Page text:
While on the flipside, back in 2009, 7UP released an “antioxidant” variety that was pushed heavily toward women including a commercial, if you happen to recall (with your brain because the commercial can’t be found online) of women having a pool party, drinking their antioxidant berry soda (that does not contain any actual berry juice).
While the heavily gendered aspects of the product seem to have fallen by the wayside over time, they have kept the packaging design to give an aura of masculinity to their beverage so that people who get their social norms from reruns of According to Jim can still feel comfortable buying a diet soda.
Lest we forget about gendered yogurt for men.
But since we’re on the topic of men’s snacks, they didn’t fair much better in Japan. A popular biscuit snack called Pocky released a variety called Men’s Pocky. As you can see from the box, it’s very handsome and traditionally masculine. Fit for only the truest gentleman sucking down a chocolate coated biscuit like a grade school kid. Or anyone smart, for that matter because Pocky is delicious.
Pepperidge Farm, on the other hand, took this same idea, applied it to children, and ran in the opposite direction. Apparently, toddlers don’t get enough gender-specific garbage shoved down their throats every day, so they decided to make a line of princess-themed fish crackers so girls would know which snacks they are supposed to eat. None of those gender-neutral fish for you, little girls, lest you develop the confidence and self esteem of someone who isn’t defined by their ovaries. Best of all, they are pink – because nothing screams cheddar like the color pink!
They could have put Michael Phelps on the package or made a line of angel fish or something like that, but they chose the low-hanging fruit of the marketing world by coloring it pink and slapping the word princess on it instead.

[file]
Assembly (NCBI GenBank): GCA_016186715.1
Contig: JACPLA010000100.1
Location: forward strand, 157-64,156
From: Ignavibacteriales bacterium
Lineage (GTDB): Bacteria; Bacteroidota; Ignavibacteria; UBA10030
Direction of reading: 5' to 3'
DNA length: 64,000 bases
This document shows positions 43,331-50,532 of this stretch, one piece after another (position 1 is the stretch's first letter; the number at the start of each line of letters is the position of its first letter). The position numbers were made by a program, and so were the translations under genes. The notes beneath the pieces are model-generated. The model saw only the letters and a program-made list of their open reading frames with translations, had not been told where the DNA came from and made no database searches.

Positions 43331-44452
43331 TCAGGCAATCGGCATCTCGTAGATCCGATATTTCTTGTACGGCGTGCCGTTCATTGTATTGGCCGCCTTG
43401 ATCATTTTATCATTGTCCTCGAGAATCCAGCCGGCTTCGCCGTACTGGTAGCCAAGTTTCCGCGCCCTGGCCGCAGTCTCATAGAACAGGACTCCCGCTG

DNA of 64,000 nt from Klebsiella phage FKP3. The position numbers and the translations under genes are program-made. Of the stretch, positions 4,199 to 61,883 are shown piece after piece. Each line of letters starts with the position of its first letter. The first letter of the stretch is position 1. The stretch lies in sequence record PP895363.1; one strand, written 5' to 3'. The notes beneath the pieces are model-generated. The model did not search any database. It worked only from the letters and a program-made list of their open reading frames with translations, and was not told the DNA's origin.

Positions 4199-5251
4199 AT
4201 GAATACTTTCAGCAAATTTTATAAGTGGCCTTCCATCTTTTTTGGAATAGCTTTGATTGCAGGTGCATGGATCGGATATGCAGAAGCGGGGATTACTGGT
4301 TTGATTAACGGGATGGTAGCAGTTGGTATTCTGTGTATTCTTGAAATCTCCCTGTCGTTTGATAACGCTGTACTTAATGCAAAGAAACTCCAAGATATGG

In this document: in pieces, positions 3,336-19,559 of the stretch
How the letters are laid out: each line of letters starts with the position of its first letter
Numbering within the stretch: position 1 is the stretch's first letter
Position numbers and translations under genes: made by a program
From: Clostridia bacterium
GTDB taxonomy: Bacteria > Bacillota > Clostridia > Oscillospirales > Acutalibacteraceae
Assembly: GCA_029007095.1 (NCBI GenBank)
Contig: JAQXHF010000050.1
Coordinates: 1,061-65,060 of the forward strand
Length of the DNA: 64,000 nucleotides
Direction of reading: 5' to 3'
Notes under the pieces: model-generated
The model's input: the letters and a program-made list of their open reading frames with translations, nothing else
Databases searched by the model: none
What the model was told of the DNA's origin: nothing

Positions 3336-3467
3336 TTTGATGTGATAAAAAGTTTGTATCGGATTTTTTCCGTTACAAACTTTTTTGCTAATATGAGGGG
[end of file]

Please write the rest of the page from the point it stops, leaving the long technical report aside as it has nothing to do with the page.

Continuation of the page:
Adult women don’t fare any better in the marketing world, unfortunately. Take the terrifying existence of Virginia Slims cigarettes, for example. Created by Phillip Morris in the late 1960’s, these cigarettes are made especially for ladies. What makes them the perfect way for women to develop lung cancer, you ask? They are skinny! You know, because women are so obsessed with looking slim that they need their cigarettes to be thinner than average too. Eventually they created the super slim version of the product, followed by a special, smaller sized “purse pack” so that women everywhere could smoke to their lung’s content without their cigarettes ever accidentally making them feel fat. I’m nearly certain someone there has pitched an ad with a plus size woman and a voiceover that says, “It’s okay, at least your cigarettes can be skinny!”
They even managed to create print ads so offensive I’m surprised Gloria Steinem never marched on their headquarters. They took sepia-toned photos of women in old fashioned dresses and made up stories about the days when women weren’t allowed to smoke; according to the ads women caught smoking used to get spanked by their husbands or sent to bed without supper like petulant children. But now, they said, you are a feminist. You’ve been fighting against the man all day and now you have earned your carcinogenic treat, so don’t let those fictional men who wouldn’t let their wives smoke in the past stop you from doing the right thing for womankind and lighting up a cigarette right now.
But at least women still get drinks just for her to give us pep in today’s tough world!
I swear, I will give all of my money to whatever company uses their advertising budget to help move social norms in a healthy direction instead of contributing to this heavily gendered nonsense we’ve got currently. Well, I’m a freelance writer, so obviously I don’t have any money, but I will follow you on twitter and retweet your stuff, so that has to be worth at least a few bucks, right?